2. Duration. With exceptions not relevant here, debarment under 21 U.S.C. § 335a(a)(2) is permanent. § 335a(c)(2)(A)(ii), (d)(3)(B) and (4)(D). The permanence of the debarment can be understood, without reference to punitive intent, as reflecting a congressional judgment that the integrity of the drug industry, and with it public confidence in that industry, will suffer if those who manufacture drugs use the services of someone who has committed a felony subversive of FDA regulation. See 21 U.S.C. § 355a [316 U.S.App.D.C. 196] note. That judgment may proceed from a skeptical view of the malleability of individual men and women, see Hawker v. New York, 170 U.S. 189, 196, 18 S.Ct. 573, 576, 42 L.Ed. 1002 (1898) ("It is not open to doubt that the commission of crime ... has some relation to the question of character. It is not, as a rule, the good people who commit crime"); or from a greater concern with the cost of an error visited upon the public than with the cost of an error felt only by the excluded felon, see id. at 197, 18 S.Ct. at 576 ("Doubtless, one who has violated the criminal law may thereafter reform, and become in fact possessed of a good moral character. But the legislature has power in cases of this kind to make rule of universal application"); or more likely from the cumulative force of both sentiments.
DiCola urges us to distinguish the many cases construing various employment restrictions as remedial on the ground that none involved a debarment of breadth and duration comparable to the debarment imposed upon him by the FDA, yet he offers no reason to suppose that the agency's legitimate enforcement concerns, which account for the breadth, will fade over time. For the present purpose, therefore, the remedial understanding of the congressional judgment that the debarment should be permanent is not unreasonable.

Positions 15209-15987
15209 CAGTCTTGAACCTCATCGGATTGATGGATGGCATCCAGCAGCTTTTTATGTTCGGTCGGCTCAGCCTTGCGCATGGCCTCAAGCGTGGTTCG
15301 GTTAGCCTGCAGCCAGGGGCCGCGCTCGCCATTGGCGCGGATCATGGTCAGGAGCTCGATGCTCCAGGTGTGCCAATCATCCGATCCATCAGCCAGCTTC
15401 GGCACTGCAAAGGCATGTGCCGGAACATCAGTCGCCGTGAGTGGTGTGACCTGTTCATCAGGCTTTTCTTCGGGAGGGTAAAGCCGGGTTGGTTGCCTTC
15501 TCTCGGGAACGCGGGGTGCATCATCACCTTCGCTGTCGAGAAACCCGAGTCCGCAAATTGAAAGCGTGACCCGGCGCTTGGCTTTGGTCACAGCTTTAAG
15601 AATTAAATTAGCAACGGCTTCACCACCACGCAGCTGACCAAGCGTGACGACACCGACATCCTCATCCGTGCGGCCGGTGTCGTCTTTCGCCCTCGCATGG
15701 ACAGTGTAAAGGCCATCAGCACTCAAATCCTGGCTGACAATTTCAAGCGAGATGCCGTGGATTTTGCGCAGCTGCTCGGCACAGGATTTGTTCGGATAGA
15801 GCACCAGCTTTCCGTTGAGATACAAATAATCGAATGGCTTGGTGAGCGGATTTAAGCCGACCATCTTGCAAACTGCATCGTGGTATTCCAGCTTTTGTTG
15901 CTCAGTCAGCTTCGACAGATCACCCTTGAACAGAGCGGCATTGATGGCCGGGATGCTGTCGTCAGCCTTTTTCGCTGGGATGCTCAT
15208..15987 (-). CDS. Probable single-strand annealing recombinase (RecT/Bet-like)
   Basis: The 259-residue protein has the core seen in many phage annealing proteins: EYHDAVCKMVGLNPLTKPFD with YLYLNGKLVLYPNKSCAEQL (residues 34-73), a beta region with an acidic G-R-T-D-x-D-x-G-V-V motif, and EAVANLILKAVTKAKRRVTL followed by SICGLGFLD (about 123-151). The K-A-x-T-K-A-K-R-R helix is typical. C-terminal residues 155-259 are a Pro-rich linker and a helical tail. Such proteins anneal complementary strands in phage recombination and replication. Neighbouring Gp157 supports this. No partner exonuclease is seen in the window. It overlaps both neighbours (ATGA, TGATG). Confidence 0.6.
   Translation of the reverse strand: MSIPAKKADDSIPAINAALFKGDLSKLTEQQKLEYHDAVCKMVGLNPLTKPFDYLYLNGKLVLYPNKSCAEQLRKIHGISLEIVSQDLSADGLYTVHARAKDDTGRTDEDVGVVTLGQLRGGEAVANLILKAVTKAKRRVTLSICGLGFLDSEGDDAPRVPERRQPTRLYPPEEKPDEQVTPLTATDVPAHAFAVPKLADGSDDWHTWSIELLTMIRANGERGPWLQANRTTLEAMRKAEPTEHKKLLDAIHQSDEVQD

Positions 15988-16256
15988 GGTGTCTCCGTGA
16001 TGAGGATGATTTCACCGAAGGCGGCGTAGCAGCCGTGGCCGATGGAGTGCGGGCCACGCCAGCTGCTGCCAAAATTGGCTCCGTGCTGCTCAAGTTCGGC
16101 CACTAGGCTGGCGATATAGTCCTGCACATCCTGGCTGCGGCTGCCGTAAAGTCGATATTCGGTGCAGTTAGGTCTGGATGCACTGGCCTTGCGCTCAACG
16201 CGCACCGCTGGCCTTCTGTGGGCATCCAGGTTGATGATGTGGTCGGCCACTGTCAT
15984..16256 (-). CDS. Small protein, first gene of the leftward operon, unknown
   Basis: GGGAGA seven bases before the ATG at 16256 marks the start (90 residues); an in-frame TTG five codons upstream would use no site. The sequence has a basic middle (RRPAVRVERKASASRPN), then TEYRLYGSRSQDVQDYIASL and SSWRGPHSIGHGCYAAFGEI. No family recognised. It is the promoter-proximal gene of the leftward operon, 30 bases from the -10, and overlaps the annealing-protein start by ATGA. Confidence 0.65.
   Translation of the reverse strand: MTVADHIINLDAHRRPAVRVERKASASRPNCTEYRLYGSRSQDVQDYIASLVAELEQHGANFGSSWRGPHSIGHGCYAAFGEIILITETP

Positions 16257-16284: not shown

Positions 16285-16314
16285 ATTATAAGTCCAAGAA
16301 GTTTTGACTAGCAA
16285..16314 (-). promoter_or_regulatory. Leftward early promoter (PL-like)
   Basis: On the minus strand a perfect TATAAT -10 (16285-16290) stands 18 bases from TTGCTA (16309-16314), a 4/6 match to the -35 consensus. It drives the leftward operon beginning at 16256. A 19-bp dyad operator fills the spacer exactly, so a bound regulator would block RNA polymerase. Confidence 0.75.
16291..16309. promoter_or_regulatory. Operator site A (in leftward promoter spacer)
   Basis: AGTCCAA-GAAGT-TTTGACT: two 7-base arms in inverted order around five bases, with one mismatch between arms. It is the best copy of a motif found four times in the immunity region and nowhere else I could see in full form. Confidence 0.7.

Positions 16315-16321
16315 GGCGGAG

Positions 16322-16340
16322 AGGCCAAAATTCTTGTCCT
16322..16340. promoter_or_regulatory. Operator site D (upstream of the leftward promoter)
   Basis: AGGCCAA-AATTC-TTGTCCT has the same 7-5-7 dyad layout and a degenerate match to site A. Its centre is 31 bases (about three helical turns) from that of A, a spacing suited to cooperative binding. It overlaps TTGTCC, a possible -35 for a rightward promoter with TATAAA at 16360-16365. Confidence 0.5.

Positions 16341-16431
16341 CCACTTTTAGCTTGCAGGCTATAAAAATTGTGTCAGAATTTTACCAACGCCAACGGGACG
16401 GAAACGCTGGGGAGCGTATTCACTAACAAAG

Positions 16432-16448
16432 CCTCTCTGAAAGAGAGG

3. Purpose. The legislative history that DiCola cites indicates that the legislators who spoke to the 1992 Act appreciated and approved its deterrent (i.e., punitive) as well as its remedial effects. That history does not indicate that they regarded either the scope or the duration of the debarment required by § 335a(a) as punitive, however. The remarks upon which DiCola relies were addressed to the 1992 Act as a whole, rather than to the mandatory debarment provision specifically. Because the Act also provided for civil penalties, 21 U.S.C. § 335b, which obviously are punitive, we cannot say with the needed confidence that the legislature intended debarment to be at all punitive. The legislative history, therefore, hardly offers the "unmistakable evidence of punitive intent," Flemming v. Nestor, 363 U.S. 603, 619, 80 S.Ct. 1367, 1377, 4 L.Ed.2d 1435 (1960), that would impel a court to hold that § 335a(a) violates the double jeopardy clause or that its application in this case violates the ex post facto clause. Id. at 617, 80 S.Ct. at 1376 ("Judicial inquiries into Congressional motives are at best a hazardous matter, and when that inquiry seeks to go behind objective manifestations it becomes a dubious affair indeed").
B. The Due Process Claim: Herein of Vagueness
"Two principal concerns undergird the requirement that governmental enactments be sufficiently precise: first, that notice be given to those who may run afoul of the enactment and, second, that the enactment channel the discretion of those who enforce it." United States v. Thomas, 864 F.2d 188, 194 (D.C.Cir.1988); see Connally v. General Construction Co., 269 U.S. 385, 391, 46 S.Ct. 126, 127, 70 L.Ed. 322 (1926). Of these, the second is the greater, id. (citing Kolender v. Lawson, 461 U.S. 352, 358, 103 S.Ct. 1855, 1858, 75 L.Ed.2d 903 (1983)), yet DiCola focuses upon the first. He argues that the debarment order requires him to guess, at his peril, what employment it prohibits.